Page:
Collaboration in Cyber Transportation Logistics: Paradigms and Technologies

Collaboration in Cyber Transportation Logistics: Paradigms and Technologies

Albert K. Toh (University of Arkansas at Pine Bluff, USA) and Yupo Chan (University of Arkansas at Little Rock, USA)
DOI: 10.4018/978-1-4666-0267-0.ch011
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Abstract

Although the topic of supply chain (SC) and logistics (L) has been discussed in many fora, placing it in today’s cyber (e) space is still a subject that receives little attention. This paper analyzes the role of e-SC/L in the context of global business to business (B2B) electronic commerce (e-commerce). A major beneficiary of e-SC/L are small and medium enterprises (SMEs), who can leverage information technology to bypass the extra cost associated with employing a third-party broker, who traditionally bridges the gap between suppliers and retailers. In this paper, a framework for incorporating both e-commerce and e-SC/L for SMEs is proposed in an e-marketplace context. The model consists of a trading platform with e-SC/L capabilities, and a classification scheme for different levels e-SC/L collaboration, presented with relevant types of information, communication and transportation technology (ICTT) needed to facilitate the design of each collaboration level. Included in the highest level are transportation, identification, and modeling and simulation technologies that enable the design of effective forward-looking collaboration.
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Background

E-commerce has been on the rise for SMEs since the 1990s. According to U.S. Small Business Administration, more than 65 percent of B2B purchases are made by six sectors (retail trade, motor vehicle manufacturing, shipping, industrial equipment, high-technology sectors, and government). This accounts for about 24 percent of total B2B commerce and is considered to have larger impacts across the economy than business-to-consumer e-commerce. Projection for growth has been at a compound annual growth rate of 41 percent between 2000 and 2005 (SBA, 2000).

Figure 1 documents the growth of e-commerce core functions over the last two decades for all industries. Early 1990s was the reactive Web era. Mid 1990s was the Interactive Web era. The start of the 21st century launched the integrative Web era. Although WWW communication had opened in the reactive era, a request for information was still one-way. Businesses could only react to requests. The reactive era ended around 1995. Need arose for the interactive two-way negotiation of buy–sell transactions. The interactive era spanned between 1996 and 1998. By tracking the footprint of a participant, cookies allowed interactivity. The integrative era began in 1999. Through web sites that were both marketplaces and management platforms, it became possible to improve collaboration, strategic alliances, and one-stop business services.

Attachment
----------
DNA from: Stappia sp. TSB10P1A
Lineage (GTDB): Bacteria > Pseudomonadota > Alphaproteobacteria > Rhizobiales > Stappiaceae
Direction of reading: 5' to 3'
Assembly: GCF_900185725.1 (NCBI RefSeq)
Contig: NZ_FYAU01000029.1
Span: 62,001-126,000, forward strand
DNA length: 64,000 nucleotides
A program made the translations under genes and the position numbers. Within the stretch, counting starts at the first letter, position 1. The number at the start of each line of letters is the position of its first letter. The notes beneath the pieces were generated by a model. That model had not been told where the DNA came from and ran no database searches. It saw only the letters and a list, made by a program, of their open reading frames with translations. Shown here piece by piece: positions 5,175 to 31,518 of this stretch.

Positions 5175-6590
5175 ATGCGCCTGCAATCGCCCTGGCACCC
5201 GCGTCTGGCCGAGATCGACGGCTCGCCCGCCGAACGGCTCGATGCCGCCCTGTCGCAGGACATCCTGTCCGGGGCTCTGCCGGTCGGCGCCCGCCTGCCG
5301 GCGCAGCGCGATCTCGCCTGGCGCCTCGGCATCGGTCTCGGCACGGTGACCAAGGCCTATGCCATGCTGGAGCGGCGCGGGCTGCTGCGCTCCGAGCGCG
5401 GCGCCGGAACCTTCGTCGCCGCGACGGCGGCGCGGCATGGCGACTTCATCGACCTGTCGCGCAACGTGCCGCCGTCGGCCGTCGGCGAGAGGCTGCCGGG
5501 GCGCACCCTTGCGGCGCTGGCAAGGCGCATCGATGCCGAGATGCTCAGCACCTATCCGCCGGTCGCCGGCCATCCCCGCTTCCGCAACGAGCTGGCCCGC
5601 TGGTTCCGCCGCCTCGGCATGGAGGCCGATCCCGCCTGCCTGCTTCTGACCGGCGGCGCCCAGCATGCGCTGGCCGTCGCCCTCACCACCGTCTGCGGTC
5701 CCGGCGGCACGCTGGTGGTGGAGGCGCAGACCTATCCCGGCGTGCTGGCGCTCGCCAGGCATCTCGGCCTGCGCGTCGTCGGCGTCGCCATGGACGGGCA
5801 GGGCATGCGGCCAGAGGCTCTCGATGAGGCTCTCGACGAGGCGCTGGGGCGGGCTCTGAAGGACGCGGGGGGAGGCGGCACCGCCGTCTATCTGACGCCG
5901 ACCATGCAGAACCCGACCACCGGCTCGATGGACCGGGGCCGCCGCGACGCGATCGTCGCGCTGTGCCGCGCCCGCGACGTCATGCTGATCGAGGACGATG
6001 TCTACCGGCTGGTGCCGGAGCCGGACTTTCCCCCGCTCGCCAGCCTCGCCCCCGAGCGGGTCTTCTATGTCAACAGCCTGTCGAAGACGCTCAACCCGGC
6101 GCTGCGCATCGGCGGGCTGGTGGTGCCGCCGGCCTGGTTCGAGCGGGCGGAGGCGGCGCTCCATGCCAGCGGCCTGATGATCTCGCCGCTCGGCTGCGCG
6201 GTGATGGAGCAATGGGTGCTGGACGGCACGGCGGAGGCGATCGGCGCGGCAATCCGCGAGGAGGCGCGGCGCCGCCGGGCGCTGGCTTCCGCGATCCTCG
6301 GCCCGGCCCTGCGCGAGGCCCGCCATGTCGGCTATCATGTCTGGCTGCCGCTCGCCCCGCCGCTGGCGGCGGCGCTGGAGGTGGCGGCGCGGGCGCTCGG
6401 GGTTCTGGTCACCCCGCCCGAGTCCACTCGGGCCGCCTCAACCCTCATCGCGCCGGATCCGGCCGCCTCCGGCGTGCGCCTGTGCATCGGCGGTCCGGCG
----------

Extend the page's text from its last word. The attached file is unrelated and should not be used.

Figure 1.

E-commerce core functions: 1993-2001 (Chu et al. (2007), ©Elsevier. Used with permission

In Figure 1, the symbols (circle, square, and triangle) represent core functions of reactive, interactive, and integrative nature, respectively. The numerical values shown in the figure were the count of respective core functions that had occurred in the surveyed years, expressed in terms of percentages. The scheme also represents an evolution of e-commerce and supply-chain business models with increasing levels of collaboration, visibility, and SC integration.

Web-enabled B2B e-commerce can enhance coordination between enterprises, resulting in transaction cost savings and competitive sourcing opportunities for the buyer organizations. In spite of increased use, the adoption rate for web-based business practices such as having a web site is only 58 percent for U.S. firms with less than 10 employees compared to 77 percent for large firms, resulting in not more than 10 percent of online sales by small firms in the area of B2B (Pratt, 2002).

Many SMEs handle their procurement through manual processes such as paper records, phone calls, e-mails, and faxes. Inefficient purchasing of goods and services has resulted in limited financial reporting, lack of readily accessible management information, lower levels of vendor compliance, and unauthorized spending. E-procurement solutions can potentially address these issues (Moozakis, 2001; Attaran et al., 2002), but most SMEs tend to lack the resources and technical expertise to install and maintain these systems.

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Supply Chain And Logistics In B2b Commerce

Supply Chain Management (SCM) generally involves the planning and controlling of the procurement, inventory, production, and transportation activities across organizations and throughout the supply chain from access to raw materials to consumption of the final products. As an integrated business model for logistics management, the management, planning and coordination of the flow of goods and services from raw-material suppliers through manufacturing and distribution chains to the end consumer are crucial to the success of many enterprises operating on a global scale.

Automating the entire supply chain with the use of e-procurement software can benefit business enterprises by reducing paperwork and increasing “visibility” of inventory. The extent to which SMEs will be able to realize these benefits will depend on their ability to reengineer their internal processes and work in coordination with their suppliers and customers (Innovation & Information Consultants, Inc., 2004; Gong, 2008). One study has found that factors such as firm size, top management support, perceived indirect benefits, and business partner influence are associated with the adoption of e-procurement while industry type is not (Teo et al., 2009).

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